Corporate Banner
Satellite Banner
Biologics & Bioprocessing
Scientific Community
Become a Member | Sign in
Home>News>This Article

Autifony Announces Collaboration with Universities of Manchester and Newcastle

Published: Monday, July 01, 2013
Last Updated: Monday, July 01, 2013
Bookmark and Share
£2.75 million research collaboration to progress a first-in-class drug for schizophrenia.

Autifony Therapeutics Limited has announced a collaboration with research groups at the University of Manchester and Newcastle University to develop a novel, first-in-class Kv3 potassium channel modulator for the treatment of schizophrenia.

The £2.75 million research collaboration is part-funded by the award of a £1.9 million grant to Autifony and the two Universities, by the UK’s innovation agency, the Technology Strategy Board.

The award follows a successful funding application to the Biomedical Catalyst, jointly funded by the Technology Strategy Board and the Medical Research Council.

Autifony’s lead programme is developing first-in-class Kv3 potassium channel modulators for hearing loss and tinnitus. This new collaboration aims to develop pharmaceutical compounds against the same target but with profiles differentiated and distinct from its hearing programme.

Autifony and its collaborators will explore the modulation of this novel voltage gated potassium channel mechanism as a potential new therapy for schizophrenia.

A serious psychiatric illness that has seen diminishing investment in research in recent years, schizophrenia remains an area of high unmet medical need, with existing schizophrenia treatments demonstrating poor efficacy for many patients as well as causing considerable side effects.

The condition imposes a huge social and economic burden.

The funding award will be used to enable selection of a compound from a group of potential candidates and then progression of the chosen compound through preclinical development up to a CTA/IND submission.

Autifony is working closely with leading academic collaborators, Professors Neill, Williams and Deakin at the University of Manchester, and Drs Cunningham and LeBeau at Newcastle University, whose pioneering models of schizophrenia will give further validation of the target and insight into the disease pathology.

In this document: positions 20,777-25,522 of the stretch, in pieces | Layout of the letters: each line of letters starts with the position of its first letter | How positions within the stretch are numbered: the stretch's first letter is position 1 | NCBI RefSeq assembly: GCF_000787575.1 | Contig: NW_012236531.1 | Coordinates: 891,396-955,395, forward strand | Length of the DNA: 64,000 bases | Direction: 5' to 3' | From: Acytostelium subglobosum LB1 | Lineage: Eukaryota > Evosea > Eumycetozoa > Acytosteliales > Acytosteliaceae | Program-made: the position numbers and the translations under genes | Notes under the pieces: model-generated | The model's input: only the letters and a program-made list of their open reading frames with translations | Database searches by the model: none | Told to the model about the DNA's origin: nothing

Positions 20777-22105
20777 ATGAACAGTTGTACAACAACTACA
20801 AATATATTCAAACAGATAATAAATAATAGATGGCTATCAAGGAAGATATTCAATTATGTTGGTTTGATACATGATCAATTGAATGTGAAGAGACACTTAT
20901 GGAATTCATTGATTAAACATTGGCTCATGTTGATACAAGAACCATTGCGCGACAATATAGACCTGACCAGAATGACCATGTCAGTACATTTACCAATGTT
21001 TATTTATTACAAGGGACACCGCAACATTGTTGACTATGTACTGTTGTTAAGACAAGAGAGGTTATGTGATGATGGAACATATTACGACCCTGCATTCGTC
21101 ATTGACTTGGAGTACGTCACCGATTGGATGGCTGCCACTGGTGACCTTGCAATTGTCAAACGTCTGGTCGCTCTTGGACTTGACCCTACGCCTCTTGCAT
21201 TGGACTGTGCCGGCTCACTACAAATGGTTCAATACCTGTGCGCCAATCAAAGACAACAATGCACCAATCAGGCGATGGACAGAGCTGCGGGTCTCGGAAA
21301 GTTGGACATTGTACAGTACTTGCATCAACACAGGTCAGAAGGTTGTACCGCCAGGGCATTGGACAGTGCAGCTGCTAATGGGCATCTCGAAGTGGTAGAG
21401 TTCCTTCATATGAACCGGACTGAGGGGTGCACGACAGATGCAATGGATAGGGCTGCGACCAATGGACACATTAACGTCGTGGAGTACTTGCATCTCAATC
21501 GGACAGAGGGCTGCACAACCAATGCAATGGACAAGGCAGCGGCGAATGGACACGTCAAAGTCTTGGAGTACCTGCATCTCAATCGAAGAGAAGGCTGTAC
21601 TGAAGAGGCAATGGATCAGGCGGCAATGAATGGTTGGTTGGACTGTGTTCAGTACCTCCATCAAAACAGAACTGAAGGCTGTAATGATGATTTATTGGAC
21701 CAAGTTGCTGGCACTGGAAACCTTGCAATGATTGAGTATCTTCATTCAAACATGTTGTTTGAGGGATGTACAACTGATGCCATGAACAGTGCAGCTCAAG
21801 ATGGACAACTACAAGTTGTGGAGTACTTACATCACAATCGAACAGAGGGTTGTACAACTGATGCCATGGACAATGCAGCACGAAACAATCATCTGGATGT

Dr Charles Large, Chief Scientific Officer of Autifony, commented: “The opportunity provided by this grant to work on a new approach to schizophrenia, for which novel and more effective treatments are urgently needed, is hugely exciting. The ion channels that we are targeting in our hearing loss programme are closely implicated in brain circuits which are believed to be dysfunctional in schizophrenia. Working with academic collaborators renowned in their respective fields will bring the latest techniques and thinking to bear on this important health challenge.”

Further Information
Access to this exclusive content is for Technology Networks Premium members only.

Join Technology Networks Premium for free access to:

  • Exclusive articles
  • Presentations from international conferences
  • Over 2,600+ scientific posters on ePosters
  • More than 3,800+ scientific videos on LabTube
  • 35 community eNewsletters

Sign In

Forgotten your details? Click Here
If you are not a member you can join here

*Please note: By logging into you agree to accept the use of cookies. To find out more about the cookies we use and how to delete them, see our privacy policy.

Scientific News
13 Ways to Stop an Unseen Force from Disrupting Weighing
Download a free Mettler Toledo paper to discover how to halt static’s negative effects before the next weigh-in.
Inroads Against Leukemia
Potential for halting disease in molecule isolated from sea sponges.
A New Single-Molecule Tool to Observe Enzymes at Work
A team of scientists at the University of Washington and the biotechnology company Illumina have created an innovative tool to directly detect the delicate, single-molecule interactions between DNA and enzymatic proteins.
Milestone Single-Biomolecule Imaging Technique May Advance Drug Design
The first nanometer resolved image of individual tobacco mosaic virions shows the potential of low-energy electron holography for imaging biomolecules at a single particle level; a milestone in structural biology and a potential new tool for drug design.
Researchers Discover A New Mechanism of Proteins to Block HIV
Certain IFITM proteins block and inhibit cell-to-cell transmission of HIV.
Opening the Door to Safer, More Precise Cancer Therapies
New method regulates when, and how strongly, cancer-killing therapeutic T cells are activated.
Vaccination On The Horizon For Severe Viral Infection Of The Brain
Researchers from the University of Zurich and the University Hospital Zurich reveal possible new treatment methods for a rare, usually fatal brain disease.
‘Immune Camouflage’ may Explain H7N9 Influenza Vaccine Failure
The study is published in Human Vaccines & Immunotherapeutics.
Revolutionary Gene-editing Technique to Stop AIDS Virus in Its Tracks
UNLV personalized medicine researchers seeking patent on potential HIV cure. Their technique uses a plant protein widely used in agriculture industry.
Drug Disarms Deadly C. difficile Bacteria Without Destroying Healthy Gut Flora
A drug that blocks the intestinal pathogen without killing resident, beneficial microbes may prove superior to antibiotics, currently the front-line treatment for the infection.

Skyscraper Banner
Go to LabTube
Go to eposters
Access to the latest scientific news
Exclusive articles
Upload and share your posters on ePosters
Latest presentations and webinars
View a library of 1,800+ scientific and medical posters
2,600+ scientific and medical posters
A library of 2,500+ scientific videos on LabTube
3,800+ scientific videos